It takes us awhile to find them. Paddling slowly across Sandoval Lake, deep in the Peruvian Amazon, we have our eyes keenly focused on the water around us. It's the splashing in the distance that first alerts us to their position. We move closer and then spot them — the giant otters of South America.

Although these animals are one of the clear highlights here at Sandoval Lake, the area is filled with wildlife. Caimans, monkeys, macaws, and dozens of other significant species live in the water and the rainforest surrounding it. From our base at the Sandoval Lake Lodge, we spend several days walking or boating around to see the animals and the habitats they live in.

While there are quite a few places to stay within reach of the nearby city of Puerto Maldonado, this is one of the most secluded options. To arrive, the journey consists of a motorboat up the main river, a long walk along a muddy track and then a canoe ride across the lake to our accommodation.

We took a motorboat up the main river and used paddle-power for our wildlife viewing.

We took a motorboat up the main river and used paddle-power for our wildlife viewing.

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The long journey in, though, means we find ourselves in a land where humans are in the minority and the animals rule supreme. The sun rises and sets over vast tracts of untouched rainforest that we feel like mere visitors in, not owners of. It is the Amazon at its best and it's a wonderful experience to be surrounded by peaceful nature far from the busy cities of Peru.

The giant otters once made a home of much of the South American continent, but decades of hunting and habitat destruction have drastically reduced their numbers. Now, only a few thousand are left in the wild. This lake is one of the few places where they still live in any significant number and is the best spot to see them.

Curious about us as we were about them.

Curious about us as we were about them.

The otters we are watching from the boat are in a family of about eight. Unlike many other similar species, giant otters are social animals and spend most of their time in the family group. They are pretty peaceful but can get aggressive to protect each other and their territory. We maintain a respectful distance.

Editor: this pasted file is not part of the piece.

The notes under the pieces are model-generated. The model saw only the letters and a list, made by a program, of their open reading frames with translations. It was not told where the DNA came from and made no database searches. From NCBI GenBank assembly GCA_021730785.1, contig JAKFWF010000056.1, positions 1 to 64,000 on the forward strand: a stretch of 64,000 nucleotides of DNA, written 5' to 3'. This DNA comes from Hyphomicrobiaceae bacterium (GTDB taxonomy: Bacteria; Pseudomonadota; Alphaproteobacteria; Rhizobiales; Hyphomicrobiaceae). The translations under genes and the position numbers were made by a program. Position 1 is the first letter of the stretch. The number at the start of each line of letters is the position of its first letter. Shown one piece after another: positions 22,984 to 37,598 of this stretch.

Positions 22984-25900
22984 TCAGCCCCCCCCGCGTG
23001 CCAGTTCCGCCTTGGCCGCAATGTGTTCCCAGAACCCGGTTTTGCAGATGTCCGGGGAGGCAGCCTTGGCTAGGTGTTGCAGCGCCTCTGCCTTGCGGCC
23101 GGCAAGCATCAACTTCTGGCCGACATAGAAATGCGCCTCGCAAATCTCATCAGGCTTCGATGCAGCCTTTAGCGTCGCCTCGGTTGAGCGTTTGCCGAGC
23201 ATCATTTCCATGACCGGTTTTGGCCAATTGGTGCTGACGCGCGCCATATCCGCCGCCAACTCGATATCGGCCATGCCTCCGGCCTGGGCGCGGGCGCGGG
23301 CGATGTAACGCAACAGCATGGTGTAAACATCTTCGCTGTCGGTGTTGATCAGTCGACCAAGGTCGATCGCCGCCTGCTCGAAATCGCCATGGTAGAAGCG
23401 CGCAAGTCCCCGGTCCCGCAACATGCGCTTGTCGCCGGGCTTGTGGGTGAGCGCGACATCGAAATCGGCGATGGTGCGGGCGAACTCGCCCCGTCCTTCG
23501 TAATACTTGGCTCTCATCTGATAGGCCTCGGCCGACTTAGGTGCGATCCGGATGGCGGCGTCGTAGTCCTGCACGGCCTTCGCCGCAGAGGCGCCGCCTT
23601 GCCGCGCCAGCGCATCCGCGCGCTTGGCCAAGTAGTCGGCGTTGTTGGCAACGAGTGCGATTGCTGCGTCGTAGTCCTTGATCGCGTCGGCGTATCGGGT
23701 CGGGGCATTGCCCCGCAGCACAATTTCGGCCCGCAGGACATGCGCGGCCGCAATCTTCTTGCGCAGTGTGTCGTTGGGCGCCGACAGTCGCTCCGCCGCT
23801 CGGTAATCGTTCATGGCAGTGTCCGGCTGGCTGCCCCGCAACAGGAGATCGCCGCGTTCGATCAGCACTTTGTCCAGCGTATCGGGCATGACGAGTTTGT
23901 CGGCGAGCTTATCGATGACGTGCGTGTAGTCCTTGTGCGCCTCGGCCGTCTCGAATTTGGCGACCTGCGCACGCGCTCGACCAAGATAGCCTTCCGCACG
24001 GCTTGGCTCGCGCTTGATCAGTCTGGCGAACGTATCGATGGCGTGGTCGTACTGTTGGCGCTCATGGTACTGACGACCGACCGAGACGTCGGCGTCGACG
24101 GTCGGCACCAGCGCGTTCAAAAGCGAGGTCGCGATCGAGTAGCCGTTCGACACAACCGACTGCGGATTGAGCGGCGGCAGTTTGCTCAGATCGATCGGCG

The adults of the group are feeding and each of them dives down into the lake and then re-emerges at the surface with a fish in its mouth. At first it looks like the younger otters are playing with each other, but, on closer examination, it appears that they are practicing fishing themselves; after a bit of splashing, they also appear on the top of the water with fish in their mouths. Two of the young otters swim to the shore and sit on a log while they eat their breakfast giving me a chance to get a good look at them.

With bulging eyes and an angled skull, their heads make them seem almost alien in some ways. But their thick chocolate-brown fur is beautiful and smooth — and what made this species so attractive to hunters. Their webbed feet and long tail are clearly powerful and allow them to swim through the water effortlessly.

Snacking on fish.

Snacking on fish.

It's still early in the morning and the sun is coming up. It gets brighter as we paddle the boat, following the otters as they move along one of the shorelines. For about half an hour we watch them swim, play and fish — all the while with one eye on us. But by the time we finally move on and head back to the lodge, I swear the otters give us a bit of a wave goodbye!

The sun just beginning to rise on another day in the Amazon.

The sun just beginning to rise on another day in the Amazon.

Getting There

Check out the Amazon on a G Adventures river cruise! We’re thrilled at the prospect of showing you this big blue planet of ours — check out our small group trips here.

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